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  1. #1
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    Variable declaration and loops

    This might be a stupid question, but it won't leave me until I ask, so here it goes:

    Is there any difference (either conceptually or in relation to performance) between declaring a variable before or inside a loop, when that variable is going to take a different value for each iteration? For example:

    Code:
    var someElement;
    for (var i=0 ; i < aCertainArray.length ; i++) {
       someElement = aCertainArray[i];
    }
    
    or
    
    for (var i=0 ; i < aCertainArray.length ; i++) {
       var someElement = aCertainArray[i];
    }
    Actually, let's expand the question: is it worth avoiding the someElement variable altogether, and using aCertainArray[i] instead?

  2. #2
    SitePoint Guru
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    is it worth avoiding the someElement variable altogether, and using aCertainArray[i] instead
    It depends- if you only refer to aCertainArray[i] once, you don't need the other variable.
    But every lookup is a hit, so if you need to look it up more than once, use the variable.

    If you need to maintain the item in the array and the function changes its value, use the variable.

    There is a tiny improvement in performance if you declare the variable, if you need it, only once, before the loop.

    But you will save the most if you calculate the length of the array once, instead of on every iteration:

    Code:
    var someElement;
    var L=aCertainArray.length;
    for (var i=0 ; i < L; i++) {
       someElement = aCertainArray[i];
    }

  3. #3
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    Thanks mrhoo.

    Quote Originally Posted by mrhoo View Post
    There is a tiny improvement in performance if you declare the variable, if you need it, only once, before the loop.

    But you will save the most if you calculate the length of the array once, instead of on every iteration:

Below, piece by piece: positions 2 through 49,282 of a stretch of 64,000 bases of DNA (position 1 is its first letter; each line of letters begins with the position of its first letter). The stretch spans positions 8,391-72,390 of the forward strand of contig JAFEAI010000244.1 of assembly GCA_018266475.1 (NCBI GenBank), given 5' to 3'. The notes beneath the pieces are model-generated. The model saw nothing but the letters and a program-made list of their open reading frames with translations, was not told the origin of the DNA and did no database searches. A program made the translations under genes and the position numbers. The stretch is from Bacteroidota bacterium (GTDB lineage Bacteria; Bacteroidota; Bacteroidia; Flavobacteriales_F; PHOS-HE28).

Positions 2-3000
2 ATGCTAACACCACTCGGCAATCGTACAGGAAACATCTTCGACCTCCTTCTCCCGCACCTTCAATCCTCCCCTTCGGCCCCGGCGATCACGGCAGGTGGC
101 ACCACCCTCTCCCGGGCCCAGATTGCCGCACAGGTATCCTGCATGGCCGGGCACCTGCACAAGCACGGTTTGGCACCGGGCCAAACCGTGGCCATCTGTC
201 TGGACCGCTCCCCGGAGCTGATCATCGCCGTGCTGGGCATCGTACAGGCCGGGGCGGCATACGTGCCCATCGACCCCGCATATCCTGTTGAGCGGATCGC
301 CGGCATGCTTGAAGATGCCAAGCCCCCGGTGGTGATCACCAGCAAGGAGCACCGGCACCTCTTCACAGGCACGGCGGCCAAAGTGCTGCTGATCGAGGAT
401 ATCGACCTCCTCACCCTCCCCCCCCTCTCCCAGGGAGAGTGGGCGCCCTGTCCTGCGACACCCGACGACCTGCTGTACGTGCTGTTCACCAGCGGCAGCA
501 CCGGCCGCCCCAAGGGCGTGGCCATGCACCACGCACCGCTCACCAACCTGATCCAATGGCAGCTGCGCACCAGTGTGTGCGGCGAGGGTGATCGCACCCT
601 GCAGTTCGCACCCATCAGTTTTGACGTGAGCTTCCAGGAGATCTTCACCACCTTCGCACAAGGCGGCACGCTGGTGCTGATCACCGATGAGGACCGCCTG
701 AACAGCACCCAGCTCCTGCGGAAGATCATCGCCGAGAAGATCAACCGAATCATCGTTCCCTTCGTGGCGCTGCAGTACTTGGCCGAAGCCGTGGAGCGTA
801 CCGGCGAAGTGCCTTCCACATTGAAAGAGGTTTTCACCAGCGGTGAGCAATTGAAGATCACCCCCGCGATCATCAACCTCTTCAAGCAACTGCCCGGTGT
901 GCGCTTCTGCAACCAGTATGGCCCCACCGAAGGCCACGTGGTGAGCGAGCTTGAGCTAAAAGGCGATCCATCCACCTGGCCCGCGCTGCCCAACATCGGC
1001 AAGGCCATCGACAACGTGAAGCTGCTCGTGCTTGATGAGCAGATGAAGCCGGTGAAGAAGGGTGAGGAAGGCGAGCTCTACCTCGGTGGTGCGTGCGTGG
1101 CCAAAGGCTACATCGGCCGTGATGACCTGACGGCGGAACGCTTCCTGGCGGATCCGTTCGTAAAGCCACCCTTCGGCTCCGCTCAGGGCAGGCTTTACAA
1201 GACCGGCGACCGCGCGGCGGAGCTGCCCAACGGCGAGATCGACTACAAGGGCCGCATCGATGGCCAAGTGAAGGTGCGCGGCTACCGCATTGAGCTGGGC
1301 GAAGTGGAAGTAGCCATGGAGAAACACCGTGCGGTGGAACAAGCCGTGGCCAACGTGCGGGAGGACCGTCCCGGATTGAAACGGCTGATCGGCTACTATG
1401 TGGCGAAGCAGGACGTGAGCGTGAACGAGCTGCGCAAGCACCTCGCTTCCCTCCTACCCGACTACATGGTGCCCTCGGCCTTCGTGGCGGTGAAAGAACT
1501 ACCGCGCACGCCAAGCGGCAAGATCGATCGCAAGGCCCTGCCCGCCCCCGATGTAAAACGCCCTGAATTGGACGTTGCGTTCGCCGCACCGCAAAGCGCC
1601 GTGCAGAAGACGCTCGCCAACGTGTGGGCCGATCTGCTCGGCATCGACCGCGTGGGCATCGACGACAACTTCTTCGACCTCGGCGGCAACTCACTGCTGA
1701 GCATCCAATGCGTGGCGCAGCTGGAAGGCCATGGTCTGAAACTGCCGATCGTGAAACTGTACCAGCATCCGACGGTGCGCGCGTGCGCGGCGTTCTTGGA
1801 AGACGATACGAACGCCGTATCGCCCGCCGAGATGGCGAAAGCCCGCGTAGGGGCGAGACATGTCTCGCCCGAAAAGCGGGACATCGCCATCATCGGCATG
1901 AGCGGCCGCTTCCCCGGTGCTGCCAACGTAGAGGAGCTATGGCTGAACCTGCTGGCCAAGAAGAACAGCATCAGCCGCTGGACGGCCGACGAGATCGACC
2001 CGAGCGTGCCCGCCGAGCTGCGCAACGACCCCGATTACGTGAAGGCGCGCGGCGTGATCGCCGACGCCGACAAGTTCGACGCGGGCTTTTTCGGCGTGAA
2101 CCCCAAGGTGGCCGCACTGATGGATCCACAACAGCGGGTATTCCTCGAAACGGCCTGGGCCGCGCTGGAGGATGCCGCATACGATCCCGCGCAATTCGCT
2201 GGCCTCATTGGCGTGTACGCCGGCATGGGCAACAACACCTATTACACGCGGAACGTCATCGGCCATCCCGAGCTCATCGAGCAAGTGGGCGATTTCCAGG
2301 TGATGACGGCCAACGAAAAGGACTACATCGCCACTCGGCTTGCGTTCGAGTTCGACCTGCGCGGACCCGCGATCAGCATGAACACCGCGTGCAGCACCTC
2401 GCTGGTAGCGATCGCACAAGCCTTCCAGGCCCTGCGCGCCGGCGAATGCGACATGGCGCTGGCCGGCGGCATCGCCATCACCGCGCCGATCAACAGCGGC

So you're saying that declaring in before the loop doesn't really matter, and if performance is an issue, the thing to consider is calculating the length of the array once, is that right?

    I had heard about calculating the length only once, is it worth doing? Or only for very big loops? My feeling is that none of this would have a big impact in performance, but I've never done any testing or read any specific material about it.

    Just to clarify, this is all theoretical talk, I'm not having performance issues. But I love this kind of question. And it's interesting to see what other programmers think about them.

  4. #4
    SitePoint Wizard Pepejeria's Avatar
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    Yes, it is faster. Try this testcase
    Code:
    var aData =  [];
    
    // Populate array
    for(var i=0; i<200000; i++) {
    	aData[i] = ["28.02.2004", "Jag och Lars har samma m&#229;l - vi ska till EM", "1190 kb", "dummy data"]
    }
    
    var d1 = new Date();
    
    for(var i=0; i<aData.length; i++) {
    	aData instanceof Array
    }
    
    var d2 = new Date();
    
    
    var d3 = new Date();
    
    for(var i=0, iLength = aData.length; i<iLength; i++) {
    	aData instanceof Array
    }
    
    var d4 = new Date();
    
    alert("First iteration took " + (d2-d1)/1000 + " seconds");
    alert("Second iteration took " + (d4-d3)/1000 + " seconds");
    You will see that it will be faster if you define the array length in a variable. You will see even bigger difference in speed when you are iterating through a node collection.

  5. #5
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    The var keyword is necessary, try this.
    First type in:
    Code:
    var myString;
    Then type in:
    Code:
    myString;
    It should throw an error. And also, what those guys said .
    If you declare a variable once when you change it's value you don't need the var keyword.

  6. #6
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    Quote Originally Posted by Pepejeria View Post
    Yes, it is faster. Try this testcase
    ...
    I tried it. FF and Opera (Win) both gave different results, Opera sensibly faster. IE freezed (?).

    In both cases (FF and Opera), the results were not stable: sometimes both loops took exactly the same time, somtimes the second one was faster. But even then, the difference is *very small* (around 0.01s). This is for 200000 iterations, which makes me think that for a standard loop the performance impact would be negligible.

    Still I like: for (var i= 0, iLength = arr.length; ...
    So I'll probably start coding my loops like that. Not for performance, but for conceptual beauty...

  7. #7
    SitePoint Wizard Pepejeria's Avatar
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    Yeah, you are right, for small Arrays of data it doesn't matter. But as I said, the speed difference will be more noticeable when you are iterating a node collection. Since it then need to check the DOM each time it iterates.

    Opera is the fastest browser no doubt when it comes to JavaScript/DOM speed. IE being, no surprise, dumb slow.


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